Intel chief: Presidential campaigns under cyber attack
Cyber hackers -- possibly working for foreign governments -- are trying to infiltrate the Democratic and Republican presidential campaigns, a senior U.S. intelligence official said Wednesday.
"We've already had some indications of that," James Clapper, the director of national intelligence, said in Washington.
During the 2008 presidential campaign, U.S. intelligence agencies traced massive cyber attacks to China. At that time, both the Democratic candidate, now-President Barack Obama, and his Republican rival John McCain, were targeted. Officials said hackers were trying to seize sensitive data, including private emails and information on high-level economic and national security briefings senior aides might have received.
The Department of Homeland Security and the Federal Bureau of Investigation "are doing what they can do educate both campaigns against potential cyber threats," Clapper said at an event at the Bipartisan Policy Center.
He didn't offer any detail on how the intrusions were detected or name which campaigns were targeted. But he offered a prediction.
"As the campaigns intensify, we'll probably have more," Clapper said.
Clapper was addressing the challenge of balancing the need to protect U.S. businesses and citizens' privacy in the face of an "incredibly complex set of cyber threats."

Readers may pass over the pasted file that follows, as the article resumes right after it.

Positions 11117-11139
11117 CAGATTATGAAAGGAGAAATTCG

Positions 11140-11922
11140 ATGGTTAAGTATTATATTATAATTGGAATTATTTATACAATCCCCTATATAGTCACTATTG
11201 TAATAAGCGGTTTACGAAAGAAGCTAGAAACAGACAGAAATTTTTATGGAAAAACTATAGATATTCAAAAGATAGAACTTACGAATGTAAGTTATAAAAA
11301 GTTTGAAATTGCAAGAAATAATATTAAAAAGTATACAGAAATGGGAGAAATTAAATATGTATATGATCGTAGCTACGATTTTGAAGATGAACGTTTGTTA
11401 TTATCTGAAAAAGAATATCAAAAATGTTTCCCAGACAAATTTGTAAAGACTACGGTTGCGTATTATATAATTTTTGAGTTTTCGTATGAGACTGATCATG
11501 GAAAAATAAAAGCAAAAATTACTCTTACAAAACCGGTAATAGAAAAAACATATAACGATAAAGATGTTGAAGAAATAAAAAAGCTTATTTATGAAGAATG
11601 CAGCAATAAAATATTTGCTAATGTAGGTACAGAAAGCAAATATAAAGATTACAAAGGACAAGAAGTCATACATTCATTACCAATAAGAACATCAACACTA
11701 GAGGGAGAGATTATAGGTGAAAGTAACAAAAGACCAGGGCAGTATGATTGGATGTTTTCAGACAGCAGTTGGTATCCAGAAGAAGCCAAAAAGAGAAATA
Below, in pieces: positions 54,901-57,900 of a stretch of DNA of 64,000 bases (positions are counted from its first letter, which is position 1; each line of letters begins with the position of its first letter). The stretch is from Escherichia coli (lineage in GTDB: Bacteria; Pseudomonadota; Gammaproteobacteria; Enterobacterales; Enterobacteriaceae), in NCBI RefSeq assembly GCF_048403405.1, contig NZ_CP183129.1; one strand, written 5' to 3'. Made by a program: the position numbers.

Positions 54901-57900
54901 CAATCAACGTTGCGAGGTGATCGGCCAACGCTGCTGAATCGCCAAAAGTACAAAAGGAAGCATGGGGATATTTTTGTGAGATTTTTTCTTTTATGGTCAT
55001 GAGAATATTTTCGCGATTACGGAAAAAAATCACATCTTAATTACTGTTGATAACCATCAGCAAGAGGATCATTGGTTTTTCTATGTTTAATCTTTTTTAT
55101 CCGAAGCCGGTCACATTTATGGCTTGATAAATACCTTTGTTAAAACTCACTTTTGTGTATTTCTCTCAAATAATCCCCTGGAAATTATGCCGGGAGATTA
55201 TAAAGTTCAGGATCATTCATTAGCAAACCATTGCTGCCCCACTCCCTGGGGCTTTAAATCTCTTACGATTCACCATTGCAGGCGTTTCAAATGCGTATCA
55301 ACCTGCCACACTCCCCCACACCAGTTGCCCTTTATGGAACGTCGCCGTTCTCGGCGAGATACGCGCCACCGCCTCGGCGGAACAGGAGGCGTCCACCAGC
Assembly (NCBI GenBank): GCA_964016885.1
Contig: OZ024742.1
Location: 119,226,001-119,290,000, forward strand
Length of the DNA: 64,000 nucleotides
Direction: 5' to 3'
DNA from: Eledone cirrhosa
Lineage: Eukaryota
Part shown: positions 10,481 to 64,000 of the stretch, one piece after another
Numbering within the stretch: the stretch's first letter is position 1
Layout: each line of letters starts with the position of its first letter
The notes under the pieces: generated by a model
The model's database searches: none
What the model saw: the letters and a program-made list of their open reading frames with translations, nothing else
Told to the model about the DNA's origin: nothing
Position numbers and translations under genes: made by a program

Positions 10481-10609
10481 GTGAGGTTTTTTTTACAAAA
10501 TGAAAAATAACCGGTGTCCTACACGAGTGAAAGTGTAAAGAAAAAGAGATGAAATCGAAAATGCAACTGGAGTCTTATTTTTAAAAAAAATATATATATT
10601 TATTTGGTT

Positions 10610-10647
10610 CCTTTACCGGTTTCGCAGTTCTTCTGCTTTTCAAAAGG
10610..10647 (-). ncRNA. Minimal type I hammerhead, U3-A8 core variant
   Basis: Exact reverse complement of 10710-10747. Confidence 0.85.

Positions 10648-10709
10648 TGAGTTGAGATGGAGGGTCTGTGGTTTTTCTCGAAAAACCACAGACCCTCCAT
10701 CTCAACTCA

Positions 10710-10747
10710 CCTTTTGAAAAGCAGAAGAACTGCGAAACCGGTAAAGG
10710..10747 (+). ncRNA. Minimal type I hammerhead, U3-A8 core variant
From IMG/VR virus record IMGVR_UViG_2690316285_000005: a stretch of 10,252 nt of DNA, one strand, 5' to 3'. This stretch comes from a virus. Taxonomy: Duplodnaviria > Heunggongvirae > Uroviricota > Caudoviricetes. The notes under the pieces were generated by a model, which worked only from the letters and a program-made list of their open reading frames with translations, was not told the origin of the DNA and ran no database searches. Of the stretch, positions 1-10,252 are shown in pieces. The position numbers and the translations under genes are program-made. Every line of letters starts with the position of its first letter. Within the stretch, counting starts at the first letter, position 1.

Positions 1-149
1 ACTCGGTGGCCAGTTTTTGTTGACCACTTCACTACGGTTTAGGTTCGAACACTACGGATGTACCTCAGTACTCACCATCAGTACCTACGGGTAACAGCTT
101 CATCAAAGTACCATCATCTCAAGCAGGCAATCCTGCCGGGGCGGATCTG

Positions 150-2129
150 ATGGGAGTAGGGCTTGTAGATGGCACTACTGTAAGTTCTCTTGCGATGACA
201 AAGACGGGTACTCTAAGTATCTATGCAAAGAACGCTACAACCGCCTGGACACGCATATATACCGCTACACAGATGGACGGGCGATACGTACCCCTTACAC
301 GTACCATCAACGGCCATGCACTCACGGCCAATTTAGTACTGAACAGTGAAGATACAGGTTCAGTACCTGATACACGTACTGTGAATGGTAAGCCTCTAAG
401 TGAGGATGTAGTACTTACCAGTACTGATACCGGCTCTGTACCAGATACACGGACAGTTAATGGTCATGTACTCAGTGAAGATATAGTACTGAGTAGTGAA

Those threats come from a dizzying array of enemies, he said, from groups like Anonymous to nation states like Iran, which has attacked U.S. banks and infiltrated the control system of a dam in New York.
North Korea's attack on Sony Pictures damaged a major U.S. corporation, while China is the suspected culprit behind the 2015 theft of millions of federal workers' security-related personal information in an attack on the Office of Personnel Management.
"The Russians and Chinese who are far more sophisticated and could do real damage if so inclined. Then there are terrorist groups," Clapper said. "Each has different objectives. The one thing they have in common, they all operate on the same internet."
Clapper said in his decades-long career in intelligence, he doesn't "recall a time when we've been beset by a wider array and more diverse array of threats and crises than we are today." He puts cyber at the top of the list when he discusses risks because of the variety of intrusions that come "around the clock."
That, he said, "will likely expand" at increasing costs to U.S. businesses and economic security.